There are several books available on the making of KING KONG. Lots of people are interested in the history of special effects.
There already was a technical improvement of KING KONG. If you remember it was "colorization." It led to a conclusion that people really do not want their films refined into something better. They want the feel of watching the film like it was on its first release. [-mrl]
This Week's Reading (book comments by Evelyn C. Leeper):
THE WORST JOURNEY IN THE WORLD by Apsley Cherry-Garrard (Carroll & Graf, ISBN 978-0-7867-0437-8) is an account of Scott's expedition to the South Pole (1910-1913), told primarily in the first person by Cherry-Garrard, with extensive quotes from the diaries of other expedition members.
When you think of what supplies a polar expedition should bring, you probably don't think of what Cherry-Garrard thinks is important: "Rash statements on questions of fact were always dangerous, for our small community contained so many specialists that errors were soon exposed. At the same time there were few parts of the world that one or other of us had not visited at least once. Later, when we came to our own limited quarters, books of reference were constantly in demand to settle disputes. Such books as the Times Atlas, a good encyclopaedia and even a Latin Dictionary are invaluable to such expeditions for this purpose. To them I would add Who's Who."
Considering how bad the journey was, there was plenty of humor, such as, "It was very dark, and I mistook a small bag of curry powder for the cocoa bag, and made cocoa with that, mixed with sugar; Crean drank his right down before discovering anything was wrong."
As for why the expedition failed ... wait, let me attempt to re- phrase that. Scott's attempt to be the first to reach the South Pole failed, and his attempt to reach the South Pole and return failed, but the expedition had several other objections: to recover Emperor penguins eggs at a particular stage of development, to discover fossils (if any existed), to make meteorological measurements, to determine what was the best way to equip polar expeditions, and so on. Indeed, the title refers not to the journey to the Pole, but to the *winter* journey to the penguin nesting grounds to collect the eggs. In all of these other goals, they did remarkably well. The one notable failure was Scott's attempt to reach the Pole first and to return.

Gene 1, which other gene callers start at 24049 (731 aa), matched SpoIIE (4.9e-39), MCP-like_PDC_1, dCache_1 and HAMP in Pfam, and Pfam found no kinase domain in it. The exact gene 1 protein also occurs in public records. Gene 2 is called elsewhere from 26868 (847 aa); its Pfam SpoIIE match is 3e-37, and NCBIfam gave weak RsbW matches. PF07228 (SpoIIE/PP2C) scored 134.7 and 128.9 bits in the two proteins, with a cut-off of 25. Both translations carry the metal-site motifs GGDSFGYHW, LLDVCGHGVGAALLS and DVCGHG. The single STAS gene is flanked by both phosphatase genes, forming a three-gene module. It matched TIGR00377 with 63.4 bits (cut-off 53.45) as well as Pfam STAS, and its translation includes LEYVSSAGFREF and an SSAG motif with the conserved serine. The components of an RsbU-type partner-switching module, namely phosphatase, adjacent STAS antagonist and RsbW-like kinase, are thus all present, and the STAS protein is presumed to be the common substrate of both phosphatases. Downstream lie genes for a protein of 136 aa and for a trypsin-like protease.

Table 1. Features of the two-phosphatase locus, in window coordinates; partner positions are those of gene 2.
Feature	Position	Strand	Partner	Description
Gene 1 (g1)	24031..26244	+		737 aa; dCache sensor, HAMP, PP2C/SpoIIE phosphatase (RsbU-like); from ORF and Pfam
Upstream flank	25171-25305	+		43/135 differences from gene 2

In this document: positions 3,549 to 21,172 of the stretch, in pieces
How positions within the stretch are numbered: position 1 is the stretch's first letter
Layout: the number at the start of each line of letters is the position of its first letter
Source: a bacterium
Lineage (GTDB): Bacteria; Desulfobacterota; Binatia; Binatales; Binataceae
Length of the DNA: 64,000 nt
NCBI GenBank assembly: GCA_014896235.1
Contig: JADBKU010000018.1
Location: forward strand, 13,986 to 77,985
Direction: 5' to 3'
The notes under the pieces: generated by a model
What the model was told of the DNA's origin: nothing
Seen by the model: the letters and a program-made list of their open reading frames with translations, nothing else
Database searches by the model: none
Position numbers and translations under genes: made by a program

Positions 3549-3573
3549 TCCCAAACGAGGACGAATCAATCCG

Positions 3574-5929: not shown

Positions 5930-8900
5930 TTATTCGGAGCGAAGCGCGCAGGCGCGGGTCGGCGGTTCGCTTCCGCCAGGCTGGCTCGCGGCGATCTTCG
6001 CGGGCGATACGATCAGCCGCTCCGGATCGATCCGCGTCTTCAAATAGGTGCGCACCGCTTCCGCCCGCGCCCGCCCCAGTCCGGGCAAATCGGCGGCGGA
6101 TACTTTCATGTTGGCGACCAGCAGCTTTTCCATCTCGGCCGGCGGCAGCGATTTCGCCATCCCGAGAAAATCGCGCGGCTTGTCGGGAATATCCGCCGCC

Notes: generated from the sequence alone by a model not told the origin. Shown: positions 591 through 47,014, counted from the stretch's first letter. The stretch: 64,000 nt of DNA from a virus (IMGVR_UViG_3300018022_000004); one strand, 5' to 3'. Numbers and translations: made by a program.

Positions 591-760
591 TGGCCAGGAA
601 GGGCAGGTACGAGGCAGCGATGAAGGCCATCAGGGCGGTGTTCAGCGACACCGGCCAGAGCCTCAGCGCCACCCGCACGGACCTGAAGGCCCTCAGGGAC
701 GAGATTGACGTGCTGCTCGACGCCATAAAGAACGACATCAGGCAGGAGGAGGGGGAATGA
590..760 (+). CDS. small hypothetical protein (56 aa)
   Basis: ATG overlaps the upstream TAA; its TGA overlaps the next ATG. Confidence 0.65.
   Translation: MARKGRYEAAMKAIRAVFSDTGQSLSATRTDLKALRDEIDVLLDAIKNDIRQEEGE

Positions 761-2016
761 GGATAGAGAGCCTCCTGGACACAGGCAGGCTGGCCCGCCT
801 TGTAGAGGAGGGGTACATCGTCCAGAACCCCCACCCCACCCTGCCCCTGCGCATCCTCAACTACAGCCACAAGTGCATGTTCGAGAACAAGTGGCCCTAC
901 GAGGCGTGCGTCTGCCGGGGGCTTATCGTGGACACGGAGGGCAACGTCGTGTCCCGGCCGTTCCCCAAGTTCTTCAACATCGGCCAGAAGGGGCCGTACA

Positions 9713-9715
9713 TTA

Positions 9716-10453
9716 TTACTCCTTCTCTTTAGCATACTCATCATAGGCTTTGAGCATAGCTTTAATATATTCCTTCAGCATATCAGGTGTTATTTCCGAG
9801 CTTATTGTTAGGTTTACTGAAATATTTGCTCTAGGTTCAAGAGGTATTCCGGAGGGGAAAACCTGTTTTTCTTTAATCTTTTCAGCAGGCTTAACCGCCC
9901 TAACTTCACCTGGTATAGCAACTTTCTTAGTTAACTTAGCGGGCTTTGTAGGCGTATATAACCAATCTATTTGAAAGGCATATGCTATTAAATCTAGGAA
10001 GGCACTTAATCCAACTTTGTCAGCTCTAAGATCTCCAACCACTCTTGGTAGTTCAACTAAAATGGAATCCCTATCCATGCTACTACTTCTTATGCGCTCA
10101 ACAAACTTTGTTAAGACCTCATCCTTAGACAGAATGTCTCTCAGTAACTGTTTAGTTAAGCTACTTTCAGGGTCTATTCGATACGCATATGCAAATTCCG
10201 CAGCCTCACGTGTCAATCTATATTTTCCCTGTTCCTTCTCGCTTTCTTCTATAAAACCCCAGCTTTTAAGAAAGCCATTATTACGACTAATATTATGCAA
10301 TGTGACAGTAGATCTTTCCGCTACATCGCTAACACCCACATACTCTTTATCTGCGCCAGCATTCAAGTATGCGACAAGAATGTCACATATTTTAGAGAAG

So why did this fail? The Jesuit motto is "Age Quod Agis": "Do What You Are Doing". Amundsen, who reached the South Pole fove weeks before Scott, and returned successfully, followed this motto. He had one objective: the South Pole. He landed as close as possible to it, albeit in an unexplored area, and started sixty miles closer to the Pole than Scott. Scott used dogs, ponies, and motorized transport, and was fairly ignorant of how to use any of them well. But this diversification meant he needed to carry two kinds of food, plus fuel. Amundsen used only dogs, and had experienced dog drivers plus the knowledge he had learned from the Inuit in his earlier North West Passage expedition. Amundsen had experienced skiers in his party; Scott did not. Scott changed his plans during the journey in two significant ways: at the point where the final group was to head for the Pole, Scottt decided to take five men instead of four, and he also took the dogs further than planned, requiring killing the ponies to feed them.
There were many other reasons, but the ones above all point to the fact that Amundsen had a single goal, made a definite plan based on firm knowledge, prepared for it, and stuck to the plan, while Scott had multiple goals and a plan made with insufficient knowledge that he therefore had to keep modifying, and made unnecessary modifications even beyond these. Age quod agis.
This is not to criticize Scott's bravery or nobility (or that of any of the expedition). But bravery and nobility are not a substitute for knowledge and planning. There was much that Scott could not know (e.g., the importance of vitamins in the diet, or just how many calories each man would need), but the fact that Amundsen returned says that while these were contributing factors, they were not the determining factors. [-ecl]
Mark Leeper firstname.lastname@example.org Quote of the Week: It was like watching someone organise her own immortality. Every phrase and gesture was studied. Now and again, when she said something a little out of the ordinary, she wrote it down herself in a notebook. --Harold Laski (of Virginia Woolf)Tweet